Made for one of this year's April Fool's Day pranks on The Brothers Brick, where you may have seen it. As Nannan put it when contacting me about being involved, he needed a collection of "expert level" MOCs by various builders, which should not be immediately recognizable as that builder's particular style. I don't know whether I have an obviously distinctive building style, and I'm quite sure I'm not an "expert level" builder, but this is what I came up with.
There are a lot of Lego chess sets out there, both official offerings from the company, and fan-built. These can easily be divided into two categories: those which feature minifigs as pieces, and those which use more "classical" brickbuilt pieces, usually approximating the Staunton style. I decided to go the classical route for two reasons. One, I find it easier to tell at a glance exactly what the pieces are that way; and two, it seemed a better way to hide whatever building signature I might have -- there would be less personality showing through.
In hunting through Brickshelf to see what had been done before in the way of chess sets, I found to my surprise that SNOTed board surfaces were nonexistent, or at least a hard-to-find rarity. The ones I saw either used tiles if the board was smooth, or they just went with studs to stick the pieces to. To further set mine apart I used a black and blue color scheme, which I had not seen done.
King - The crown on the king piece was originally designed as the queen. But it seemed somehow masculine, and then when I made the other style it definitely looked more feminine, so the spiky one became the king.
Queen - My king and queen are exactly the same height, but the queen looks slightly taller. This is just fine with me because she's the real power on the board. Pansy-ass king, hiding behind his woman!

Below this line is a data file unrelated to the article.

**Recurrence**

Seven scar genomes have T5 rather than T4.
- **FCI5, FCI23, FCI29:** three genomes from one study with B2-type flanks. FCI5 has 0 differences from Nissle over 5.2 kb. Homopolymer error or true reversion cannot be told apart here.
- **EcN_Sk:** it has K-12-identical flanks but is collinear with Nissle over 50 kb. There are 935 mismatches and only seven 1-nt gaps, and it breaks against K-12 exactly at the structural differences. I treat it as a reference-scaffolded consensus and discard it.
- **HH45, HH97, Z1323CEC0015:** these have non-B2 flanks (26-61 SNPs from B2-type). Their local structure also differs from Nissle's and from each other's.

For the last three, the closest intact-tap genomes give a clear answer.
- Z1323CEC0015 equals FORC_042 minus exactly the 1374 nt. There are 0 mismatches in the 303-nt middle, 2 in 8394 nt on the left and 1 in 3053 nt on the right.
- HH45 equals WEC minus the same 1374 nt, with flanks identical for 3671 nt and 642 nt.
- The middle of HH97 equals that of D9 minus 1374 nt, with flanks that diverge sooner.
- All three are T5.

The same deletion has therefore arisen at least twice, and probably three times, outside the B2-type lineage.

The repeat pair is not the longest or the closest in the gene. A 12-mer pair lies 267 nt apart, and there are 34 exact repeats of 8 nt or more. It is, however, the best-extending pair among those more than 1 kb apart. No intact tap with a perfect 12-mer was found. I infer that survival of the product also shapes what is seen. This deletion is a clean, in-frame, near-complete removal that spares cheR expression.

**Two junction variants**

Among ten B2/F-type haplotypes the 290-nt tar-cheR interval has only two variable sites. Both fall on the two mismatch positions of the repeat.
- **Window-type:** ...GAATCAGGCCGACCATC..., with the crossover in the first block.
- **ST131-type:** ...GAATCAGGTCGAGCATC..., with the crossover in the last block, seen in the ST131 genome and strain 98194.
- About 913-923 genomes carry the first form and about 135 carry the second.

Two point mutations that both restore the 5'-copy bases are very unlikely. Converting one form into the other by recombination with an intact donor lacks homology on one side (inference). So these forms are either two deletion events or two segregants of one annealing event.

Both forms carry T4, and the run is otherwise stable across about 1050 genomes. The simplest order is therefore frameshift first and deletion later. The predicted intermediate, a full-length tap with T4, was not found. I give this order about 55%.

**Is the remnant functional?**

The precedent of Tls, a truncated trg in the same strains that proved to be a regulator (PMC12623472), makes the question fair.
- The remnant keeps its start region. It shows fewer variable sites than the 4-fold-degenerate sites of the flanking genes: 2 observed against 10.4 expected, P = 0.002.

Rook - The first version was made with cylinders (because Staunton rooks are round) but I didn't like how it looked. Then I went with stacked 1x2 bricks to square it off -- I like the square rook, it seems a good approximation of its movement in the game -- but thought the sides looked a bit boring. Using 1x1's instead added a bit more texture to the sides.
Knight - By far the hardest piece to design. The first iteration was way too big -- my rule was no piece could be taller than the king and queen. Then began the laborious process of trying to shrink it down while still looking kind of like the Staunton horsey. Eventually I got to this design I was happy with (working in light blay) and then thought: wait, do I have that hinge plate top in dark blay? Does it even exist in that color?! The answers were no, and no. This is why the knights have "collars" of black or blue. It's still the bulkiest piece on the board -- maybe I should have kept whittling it down and gotten it to a one-wide design.
Bishop - Another fair bit of trouble to design. Staunton bishops have coneheads to represent the mitre they wear. (Strangely phallic headgear for a guy who's had celibacy forced upon him -- "This is to remind you of your real phallus, which you must never, ever use. Except to urinate. And you know that if it was possible to ban you from doing that too, we would." But I digress.) Using the cone on top in my Lego piece would make it look like a rocket, or at best the tin woodsman from the Wizard of Oz. So then I thought, I'll retain the cone in the piece, but since a bishop is a church rank (if the pope is a general, cardinals are colonels, and bishops are majors or captains), I'll top them with crosses. This would also serve to disguise me as the builder, since I have made no secret of my disdain for religion elsewhere. Like just above.
Another note on the bishops: the light blay cones used here are on loan from the Sir Nadroj collection. Let me explain...
I found I had no light blay 2x2x2 cones. I used light gray ones as placeholders, but they would be noticeable and ugly in pictures. Off to Cracklink to make a small order which included the light blay cones. This was March 9th, plenty of time for a project that needed to be finished and photographed before the end of the month.